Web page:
There is a lot that is different and a few things that have not changed. The Guineas taking place in June and the Derby and Oaks in July is very different in horseracing terms, but the old head-scratcher of trying to figure out which horses will make a successful leap from a mile to a mile and a half is very much still with us.
There are several ways of approaching the puzzle, of which pedigree analysis remains highly important. But striding and sectionals are two others which have proved their worth in recent years. Masar was a big price for the Derby in 2018 on the back of a third place in the 2000 Guineas, but his stride – long and relatively slow – pointed to his being a middle-distance horse more than a miler, and his sectionals when running away with the 8f Craven Stakes pointed to his being a good price at that.
In that same Derby, Roaring Lion had shown so much speed and such a fast stride in winning the Dante at York that there deserved to be serious doubts about his being as effective at 12f as 8f/10f. In the event, Masar strode to victory at Epsom and Roaring Lion emptied late on in finishing third.
A long and relatively slow stride helped Masar to outlast the quicker striding grey Roaring Lion in the 2018 Derby, in which the latter faded to finish third.
Twelve months ago, Too Darn Hot strode and quickened like a miler and went from quite a short-priced favourite for Epsom to a non-runner there and a champion 7f/8f performer in a short space of time. There have been some examples that have not worked out quite so well, of course!
In basic terms, the faster a horse strides, the shorter the distance it is likely to prove most effective at, though (as with many things in breeding also) this is a matter of probabilities rather than certainties. At the other end of the distance spectrum, some stayers manage to stride quite quickly, but nearly all of them also switch off and stride slower for significant portions of a race.
What do striding and sectionals tell us about the main contenders for this year’s Derby and Oaks? Firstly, they cast a fair amount of doubt on whether the 2000 Guineas winner Kameko (by Kitten’s Joy) will prove as effective at 12f as he has done so far at 8f. He has consistently strode like a miler who may get 10f, hitting a peak of 2.48 strides/second and a minimum of 2.27 strides/second at two years, and a slightly more restrained 2.37/2.27 at Newmarket. The Guineas was very strongly run, as sectionals showed, and Kameko won it through stamina, but he did go too freely in a steadily run race at the same course and distance when second in the Royal Lodge as a juvenile.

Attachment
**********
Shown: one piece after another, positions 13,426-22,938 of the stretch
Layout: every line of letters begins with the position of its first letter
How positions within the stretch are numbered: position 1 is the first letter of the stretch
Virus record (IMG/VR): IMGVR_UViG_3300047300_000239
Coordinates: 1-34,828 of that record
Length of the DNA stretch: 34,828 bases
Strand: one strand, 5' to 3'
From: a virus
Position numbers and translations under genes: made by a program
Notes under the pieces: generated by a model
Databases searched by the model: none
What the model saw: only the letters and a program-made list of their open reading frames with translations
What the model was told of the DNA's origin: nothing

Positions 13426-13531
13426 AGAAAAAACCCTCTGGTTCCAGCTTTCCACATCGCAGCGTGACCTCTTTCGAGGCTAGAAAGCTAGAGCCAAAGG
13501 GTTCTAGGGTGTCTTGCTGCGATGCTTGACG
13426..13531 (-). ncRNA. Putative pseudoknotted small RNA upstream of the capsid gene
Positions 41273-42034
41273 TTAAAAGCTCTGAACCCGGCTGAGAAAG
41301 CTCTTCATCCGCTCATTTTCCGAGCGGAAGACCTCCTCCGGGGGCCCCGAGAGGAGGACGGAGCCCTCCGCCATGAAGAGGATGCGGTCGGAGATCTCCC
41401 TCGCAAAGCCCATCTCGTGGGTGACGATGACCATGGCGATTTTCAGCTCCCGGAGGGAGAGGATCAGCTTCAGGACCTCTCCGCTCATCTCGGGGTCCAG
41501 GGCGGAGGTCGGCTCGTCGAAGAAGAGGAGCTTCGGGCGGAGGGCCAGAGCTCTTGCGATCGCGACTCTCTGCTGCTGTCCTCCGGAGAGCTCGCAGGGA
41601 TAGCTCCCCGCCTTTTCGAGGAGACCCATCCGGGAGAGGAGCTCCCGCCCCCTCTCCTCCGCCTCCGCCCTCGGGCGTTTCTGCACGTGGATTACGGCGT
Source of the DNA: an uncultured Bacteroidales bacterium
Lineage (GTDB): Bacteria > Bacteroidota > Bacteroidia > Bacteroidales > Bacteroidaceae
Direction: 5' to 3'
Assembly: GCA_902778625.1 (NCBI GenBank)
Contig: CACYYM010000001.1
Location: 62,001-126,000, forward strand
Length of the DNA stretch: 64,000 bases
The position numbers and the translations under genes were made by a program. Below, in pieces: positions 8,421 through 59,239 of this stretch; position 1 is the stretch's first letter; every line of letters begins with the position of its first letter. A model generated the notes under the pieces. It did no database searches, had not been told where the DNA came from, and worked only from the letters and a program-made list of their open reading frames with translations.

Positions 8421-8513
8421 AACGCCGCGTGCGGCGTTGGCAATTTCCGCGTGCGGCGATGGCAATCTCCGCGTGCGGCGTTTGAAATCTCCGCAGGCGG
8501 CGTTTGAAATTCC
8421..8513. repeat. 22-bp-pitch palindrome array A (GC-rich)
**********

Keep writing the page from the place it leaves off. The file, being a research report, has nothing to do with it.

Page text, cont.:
History tells us that only about 10% of horses which contest the 2000 Guineas go on to be described as staying 12f or further by Timeform in the fullness of time. That means perhaps one or two can be expected from this year’s 15-runner race. Fourth-placed Military March (2.38 max/2.16 min) seemed quite a bit more likely to fill that role than Kameko, but has been withdrawn due to a setback.
The Lingfield Derby Trial winner English King (by Camelot) has hardened to favouritism in recent weeks, and there is no question about his stamina credentials, while his form has been boosted. A maximum/minimum cadence of 2.40/2.09 at Lingfield (recorded electronically by Total Performance Data) shows that English King can quicken but also stay, and his late splits were fast enough to suggest he was value for a few lengths more over Berkshire Rocco at a trip (11.6f) only just short of the Derby. Berkshire Rocco has since been beaten the same margin, and marginally less easily, at Royal Ascot by the subsequent Irish Derby winner Santiago.